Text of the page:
By Britta Meiers Carlson
“For our opening practice today, I invite you to turn off your cameras and close your eyes. Let’s start by taking a deep breath as we come into the space together.”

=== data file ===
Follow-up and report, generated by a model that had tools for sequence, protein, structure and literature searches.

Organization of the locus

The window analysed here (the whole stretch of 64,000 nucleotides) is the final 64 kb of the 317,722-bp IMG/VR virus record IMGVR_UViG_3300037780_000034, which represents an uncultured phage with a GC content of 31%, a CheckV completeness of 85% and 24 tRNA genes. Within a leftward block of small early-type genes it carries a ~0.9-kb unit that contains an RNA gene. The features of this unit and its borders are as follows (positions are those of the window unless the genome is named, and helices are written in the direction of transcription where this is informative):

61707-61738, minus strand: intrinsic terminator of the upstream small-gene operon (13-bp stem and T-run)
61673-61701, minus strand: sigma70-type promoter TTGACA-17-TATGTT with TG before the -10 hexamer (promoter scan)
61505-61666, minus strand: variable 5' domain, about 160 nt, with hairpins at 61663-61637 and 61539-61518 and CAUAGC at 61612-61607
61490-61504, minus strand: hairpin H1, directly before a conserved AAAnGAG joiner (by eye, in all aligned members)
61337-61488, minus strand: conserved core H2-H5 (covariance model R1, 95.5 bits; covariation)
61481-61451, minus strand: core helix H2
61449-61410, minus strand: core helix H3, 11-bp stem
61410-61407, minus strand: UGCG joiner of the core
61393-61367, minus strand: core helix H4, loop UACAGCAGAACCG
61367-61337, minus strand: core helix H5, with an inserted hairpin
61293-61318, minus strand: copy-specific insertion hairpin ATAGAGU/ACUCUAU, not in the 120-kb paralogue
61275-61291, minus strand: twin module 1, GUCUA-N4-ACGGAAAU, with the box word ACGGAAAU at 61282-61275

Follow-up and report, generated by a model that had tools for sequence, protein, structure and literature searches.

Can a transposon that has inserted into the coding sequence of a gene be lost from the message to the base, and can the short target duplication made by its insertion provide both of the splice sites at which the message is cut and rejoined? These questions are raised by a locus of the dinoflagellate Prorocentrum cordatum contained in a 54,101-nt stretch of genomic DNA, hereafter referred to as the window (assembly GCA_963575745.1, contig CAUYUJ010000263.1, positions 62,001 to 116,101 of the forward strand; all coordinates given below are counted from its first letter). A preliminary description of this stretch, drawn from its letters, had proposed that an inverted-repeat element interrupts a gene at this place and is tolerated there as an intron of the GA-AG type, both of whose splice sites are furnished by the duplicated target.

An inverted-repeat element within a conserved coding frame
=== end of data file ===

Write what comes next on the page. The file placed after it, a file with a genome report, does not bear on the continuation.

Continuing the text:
At a time when so much of life happens virtually, encouragement to look away from the screen and simply exist in the body for a few moments can feel like a gift of grace. It is one of the many delights I experience in my teaching fellowship assignment as a Spiritual Companioning Group facilitator. These groups, which are integrated into the MDiv curriculum at Boston University School of Theology (STH), allow students to reflect on their own spiritual practices, learn from the practices of others, and develop strategies for building community and mutual support. Each semester, several STH PhD students facilitate these groups alongside the school’s Spiritual Life Coordinator, the Rev. Dr. Charlene Zuill, who also elegantly oversees the work of the facilitators. Each class session follows a standard format: an opening spiritual practice, a check-in, a guided discussion and/or dynamic activity, and a closing ritual. Facilitators serve as guides and mentors for students as they explore significant dimensions of their formation as theological and ministerial leaders.